The clinical biomarker plasma fibrinogen has been granted approval for use in interventional clinical tests, which makes it the first COPD biomarker to receive FDA approval, according to a COPD Foundation announcement.

The FDA decision culminates 6 years of work from the COPD Biomarker Qualification Consortium (CBQC). A Lung Disease News report notes the use of an FDA-approved biomarker allows pharmaceutical companies to conduct more sound clinical tests as findings are less likely to be based on participant selection or the process by which the drug was measured.

The CBQC was first founded by the COPD Foundation in 2010 after being urged by the US FDA and the National Heart, Lung and Blood Institute to work on establishing a COPD-tailored “biomarker qualification process,” according to Lung Disease News.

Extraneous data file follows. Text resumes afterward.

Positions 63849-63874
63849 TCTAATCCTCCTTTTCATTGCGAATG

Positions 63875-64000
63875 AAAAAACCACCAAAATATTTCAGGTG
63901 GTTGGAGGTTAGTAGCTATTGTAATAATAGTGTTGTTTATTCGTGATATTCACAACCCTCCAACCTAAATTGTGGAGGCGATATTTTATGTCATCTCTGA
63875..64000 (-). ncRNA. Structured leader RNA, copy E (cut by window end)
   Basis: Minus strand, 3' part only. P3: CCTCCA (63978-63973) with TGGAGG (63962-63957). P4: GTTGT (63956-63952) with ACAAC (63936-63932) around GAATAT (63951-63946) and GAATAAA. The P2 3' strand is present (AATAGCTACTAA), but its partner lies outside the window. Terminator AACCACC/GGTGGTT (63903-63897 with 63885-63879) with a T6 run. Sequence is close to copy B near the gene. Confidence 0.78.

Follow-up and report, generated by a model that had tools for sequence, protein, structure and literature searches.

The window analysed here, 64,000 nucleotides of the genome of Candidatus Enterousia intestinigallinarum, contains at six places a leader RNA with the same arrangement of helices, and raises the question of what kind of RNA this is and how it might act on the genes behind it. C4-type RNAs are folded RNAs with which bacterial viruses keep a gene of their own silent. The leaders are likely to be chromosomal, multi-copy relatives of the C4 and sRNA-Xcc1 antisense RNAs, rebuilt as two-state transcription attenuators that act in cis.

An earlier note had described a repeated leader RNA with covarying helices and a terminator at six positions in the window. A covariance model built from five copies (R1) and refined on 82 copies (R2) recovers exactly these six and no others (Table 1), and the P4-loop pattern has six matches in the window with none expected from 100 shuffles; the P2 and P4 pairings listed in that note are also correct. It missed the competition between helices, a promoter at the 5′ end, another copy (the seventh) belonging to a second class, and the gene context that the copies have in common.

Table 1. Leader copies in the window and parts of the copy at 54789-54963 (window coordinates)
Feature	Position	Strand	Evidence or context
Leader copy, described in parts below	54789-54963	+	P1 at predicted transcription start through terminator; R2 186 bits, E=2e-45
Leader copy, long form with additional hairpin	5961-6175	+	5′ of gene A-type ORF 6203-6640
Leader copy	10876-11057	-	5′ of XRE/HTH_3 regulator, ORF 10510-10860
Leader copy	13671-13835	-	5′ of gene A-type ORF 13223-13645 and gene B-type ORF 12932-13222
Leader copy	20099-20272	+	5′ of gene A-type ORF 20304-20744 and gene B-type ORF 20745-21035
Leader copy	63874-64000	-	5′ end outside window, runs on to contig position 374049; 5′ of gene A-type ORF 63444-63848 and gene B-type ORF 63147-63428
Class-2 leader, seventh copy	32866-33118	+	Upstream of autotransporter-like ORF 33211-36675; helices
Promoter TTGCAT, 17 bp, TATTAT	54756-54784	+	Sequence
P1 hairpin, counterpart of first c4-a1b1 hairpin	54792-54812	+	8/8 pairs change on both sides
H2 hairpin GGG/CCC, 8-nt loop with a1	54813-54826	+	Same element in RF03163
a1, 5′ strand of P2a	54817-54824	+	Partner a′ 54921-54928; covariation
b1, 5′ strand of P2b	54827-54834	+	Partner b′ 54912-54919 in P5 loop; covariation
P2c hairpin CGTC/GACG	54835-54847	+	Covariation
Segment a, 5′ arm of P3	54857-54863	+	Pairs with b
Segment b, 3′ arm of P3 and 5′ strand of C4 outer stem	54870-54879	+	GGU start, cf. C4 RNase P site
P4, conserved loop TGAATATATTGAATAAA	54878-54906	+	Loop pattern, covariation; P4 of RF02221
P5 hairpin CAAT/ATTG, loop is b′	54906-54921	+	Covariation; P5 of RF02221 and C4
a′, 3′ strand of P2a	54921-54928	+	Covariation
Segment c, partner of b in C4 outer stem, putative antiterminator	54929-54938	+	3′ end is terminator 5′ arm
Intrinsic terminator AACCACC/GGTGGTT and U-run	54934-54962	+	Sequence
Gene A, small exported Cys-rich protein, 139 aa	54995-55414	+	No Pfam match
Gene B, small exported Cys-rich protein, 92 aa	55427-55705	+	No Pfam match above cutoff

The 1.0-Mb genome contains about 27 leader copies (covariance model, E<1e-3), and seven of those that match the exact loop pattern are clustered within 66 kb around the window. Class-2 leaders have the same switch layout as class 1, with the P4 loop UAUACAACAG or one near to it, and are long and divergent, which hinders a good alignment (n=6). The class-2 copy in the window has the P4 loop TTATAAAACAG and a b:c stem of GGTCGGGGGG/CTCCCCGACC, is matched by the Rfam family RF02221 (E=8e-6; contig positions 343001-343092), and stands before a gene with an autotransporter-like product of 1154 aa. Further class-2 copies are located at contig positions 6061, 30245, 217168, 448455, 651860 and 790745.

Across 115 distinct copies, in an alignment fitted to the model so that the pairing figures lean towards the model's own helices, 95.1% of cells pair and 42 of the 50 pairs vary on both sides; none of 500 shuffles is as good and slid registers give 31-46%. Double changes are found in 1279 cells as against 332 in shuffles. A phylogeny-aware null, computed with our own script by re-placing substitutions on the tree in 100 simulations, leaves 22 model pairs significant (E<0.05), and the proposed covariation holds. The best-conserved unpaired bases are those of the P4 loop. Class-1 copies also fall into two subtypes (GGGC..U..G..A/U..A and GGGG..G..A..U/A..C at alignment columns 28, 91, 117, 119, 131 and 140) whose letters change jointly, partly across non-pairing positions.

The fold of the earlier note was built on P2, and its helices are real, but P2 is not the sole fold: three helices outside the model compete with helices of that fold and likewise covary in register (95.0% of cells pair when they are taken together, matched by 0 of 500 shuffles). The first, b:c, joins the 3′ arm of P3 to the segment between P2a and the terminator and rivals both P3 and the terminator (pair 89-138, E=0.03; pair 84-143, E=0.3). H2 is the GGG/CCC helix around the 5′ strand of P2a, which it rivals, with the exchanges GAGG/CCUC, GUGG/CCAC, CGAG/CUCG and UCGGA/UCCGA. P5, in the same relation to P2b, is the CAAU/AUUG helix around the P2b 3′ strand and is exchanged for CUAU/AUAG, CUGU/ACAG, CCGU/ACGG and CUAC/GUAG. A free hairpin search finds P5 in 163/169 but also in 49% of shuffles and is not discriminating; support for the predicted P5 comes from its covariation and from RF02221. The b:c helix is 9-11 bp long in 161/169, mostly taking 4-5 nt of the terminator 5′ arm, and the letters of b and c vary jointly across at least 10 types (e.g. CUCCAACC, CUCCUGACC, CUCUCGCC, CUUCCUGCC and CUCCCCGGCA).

John Walsh, co-founder and president of the COPD Foundation, says, “This is a major triumph and, on behalf of the entire COPD community, I extend a heart-felt thank you to the FDA and congratulate the CBQC on its commitment and tireless leadership that allowed us to reach this significant milestone.”

Walsh adds, “Individuals working in the pharmaceutical industry, universities and the patient community have spent several million dollars and countless hours assembling and analyzing data that has led to the FDA’s monumental decision to approve this first COPD biomarker. Ultimately this clinical biomarker will enable future drug development to benefit patients.”

Source: Lung Disease News